Since the Brexit vote, First Minister Nicola Sturgeon has been busy making new friends for Scotland in Europe.
However, last week she met a Carluke woman who has already been doing that since long before the rerefendum.
She is 63-year-old former district nurse Innes Mathers who, entirely off her own bat, came out of retirement to go to the Mediterranean to help tend to many of the thousands of desperate refugees fleeing to safety from war-torn North Africa.
That very personal act of compassion for total strangers from lands many hundreds of miles from her home has rightly won her many admirers, among them Clydesdale’s MSP Aileen Campbell who nominated her our area’s official ‘Local Hero’.
This accolade brought with it an invitation to last week’s opening of the fifth session of the Scottish Parliament and a personal “thank you” on behalf of the Scottish people from Nicola Sturgeon.
Her host for the day and her nominator as Clydesdale’s Local Hero, was Aileen Campbell.
She said: “We had a smashing day at parliament as we celebrated the start of the fifth session.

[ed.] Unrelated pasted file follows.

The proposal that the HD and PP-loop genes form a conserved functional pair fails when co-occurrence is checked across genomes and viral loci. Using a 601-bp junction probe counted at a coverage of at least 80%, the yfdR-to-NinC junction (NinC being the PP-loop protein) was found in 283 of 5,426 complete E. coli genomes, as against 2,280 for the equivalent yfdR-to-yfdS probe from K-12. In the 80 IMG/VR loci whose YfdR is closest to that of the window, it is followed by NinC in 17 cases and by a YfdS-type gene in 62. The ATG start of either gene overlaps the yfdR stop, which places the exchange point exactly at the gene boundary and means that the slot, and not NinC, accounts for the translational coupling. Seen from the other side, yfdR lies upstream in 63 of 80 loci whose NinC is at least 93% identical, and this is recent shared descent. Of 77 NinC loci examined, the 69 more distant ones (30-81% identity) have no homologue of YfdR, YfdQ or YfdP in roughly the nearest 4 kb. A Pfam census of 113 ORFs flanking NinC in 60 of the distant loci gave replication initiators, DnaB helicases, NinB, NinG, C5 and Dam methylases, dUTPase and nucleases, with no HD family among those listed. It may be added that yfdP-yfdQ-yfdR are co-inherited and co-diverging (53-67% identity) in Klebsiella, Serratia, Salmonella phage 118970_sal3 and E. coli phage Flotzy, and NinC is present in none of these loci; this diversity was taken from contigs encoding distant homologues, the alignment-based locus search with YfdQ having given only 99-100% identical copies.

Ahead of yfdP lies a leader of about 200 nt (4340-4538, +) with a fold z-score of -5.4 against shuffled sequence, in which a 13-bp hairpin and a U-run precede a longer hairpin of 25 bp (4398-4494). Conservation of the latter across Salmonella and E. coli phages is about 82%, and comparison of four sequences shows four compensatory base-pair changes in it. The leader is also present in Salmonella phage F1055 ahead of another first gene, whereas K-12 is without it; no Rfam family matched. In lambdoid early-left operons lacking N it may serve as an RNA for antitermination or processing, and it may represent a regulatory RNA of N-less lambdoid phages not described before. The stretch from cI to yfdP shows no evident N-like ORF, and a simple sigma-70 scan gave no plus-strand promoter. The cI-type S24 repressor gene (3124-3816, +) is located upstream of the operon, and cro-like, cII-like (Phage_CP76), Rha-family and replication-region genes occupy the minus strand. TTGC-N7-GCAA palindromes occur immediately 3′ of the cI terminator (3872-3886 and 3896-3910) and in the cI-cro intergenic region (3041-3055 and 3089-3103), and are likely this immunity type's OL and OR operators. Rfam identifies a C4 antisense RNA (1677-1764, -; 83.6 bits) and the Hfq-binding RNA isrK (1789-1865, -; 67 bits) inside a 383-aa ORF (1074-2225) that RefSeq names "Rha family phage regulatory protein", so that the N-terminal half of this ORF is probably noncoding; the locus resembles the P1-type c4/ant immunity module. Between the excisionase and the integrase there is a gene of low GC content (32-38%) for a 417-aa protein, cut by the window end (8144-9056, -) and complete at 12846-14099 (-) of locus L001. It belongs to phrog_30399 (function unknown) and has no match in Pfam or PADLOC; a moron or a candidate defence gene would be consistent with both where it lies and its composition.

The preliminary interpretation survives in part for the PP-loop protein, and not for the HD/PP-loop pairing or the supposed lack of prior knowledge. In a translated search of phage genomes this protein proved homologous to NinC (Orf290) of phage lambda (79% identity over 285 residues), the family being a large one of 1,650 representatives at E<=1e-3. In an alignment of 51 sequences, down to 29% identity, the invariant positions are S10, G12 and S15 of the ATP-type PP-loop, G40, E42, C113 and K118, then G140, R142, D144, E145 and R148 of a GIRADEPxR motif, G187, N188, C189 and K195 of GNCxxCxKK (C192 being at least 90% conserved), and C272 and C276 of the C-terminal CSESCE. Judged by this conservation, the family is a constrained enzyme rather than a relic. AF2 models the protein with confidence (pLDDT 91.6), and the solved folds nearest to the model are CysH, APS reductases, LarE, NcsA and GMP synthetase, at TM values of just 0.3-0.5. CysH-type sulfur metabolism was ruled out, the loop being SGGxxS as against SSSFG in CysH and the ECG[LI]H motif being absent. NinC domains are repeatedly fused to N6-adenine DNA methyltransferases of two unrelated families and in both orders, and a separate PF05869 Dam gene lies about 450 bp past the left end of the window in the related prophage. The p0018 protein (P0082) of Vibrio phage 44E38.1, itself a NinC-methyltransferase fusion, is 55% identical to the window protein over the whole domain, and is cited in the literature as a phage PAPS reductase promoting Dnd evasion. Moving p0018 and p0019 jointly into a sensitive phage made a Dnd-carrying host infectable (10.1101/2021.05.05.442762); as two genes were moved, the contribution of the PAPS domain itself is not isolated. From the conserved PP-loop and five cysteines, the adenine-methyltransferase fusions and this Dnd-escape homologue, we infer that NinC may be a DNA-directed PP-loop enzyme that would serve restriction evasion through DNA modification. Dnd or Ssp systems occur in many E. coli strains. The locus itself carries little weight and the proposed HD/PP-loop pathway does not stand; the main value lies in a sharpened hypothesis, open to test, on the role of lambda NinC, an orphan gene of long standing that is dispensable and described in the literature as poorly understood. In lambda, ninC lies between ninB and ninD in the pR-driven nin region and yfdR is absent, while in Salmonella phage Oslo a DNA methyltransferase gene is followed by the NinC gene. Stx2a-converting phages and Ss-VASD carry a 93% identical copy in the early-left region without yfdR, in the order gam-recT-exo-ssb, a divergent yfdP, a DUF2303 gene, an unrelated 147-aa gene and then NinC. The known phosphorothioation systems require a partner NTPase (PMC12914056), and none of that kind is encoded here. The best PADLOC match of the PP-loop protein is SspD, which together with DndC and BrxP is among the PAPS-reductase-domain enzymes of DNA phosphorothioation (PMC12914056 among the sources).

“Every MSP gets to nominate a local hero to take part and I felt Innes was the right person to take part. She has made Clydesdale proud with her voluntary work in the refugee crisis.
“It’s a great privilege as an MSP to be given this opportunity to recognise the work of our local heroes. This is our chance to say thanks to them and to so many others who work tirelessly to make our society better.”
During her mercy mission to Lesbos, Innes worked at the Hope Centre, a former hotel converted to help refugees. She later recounted how she saw mainly families from Syria and Iran land on the coastline but she expressed fears about those who had not made it to land.
“We don’t know what’s at the bottom of the Aegean Sea because not all the overturned boats have been reported.
“Nobody knows how many there have been - people are just desperate.”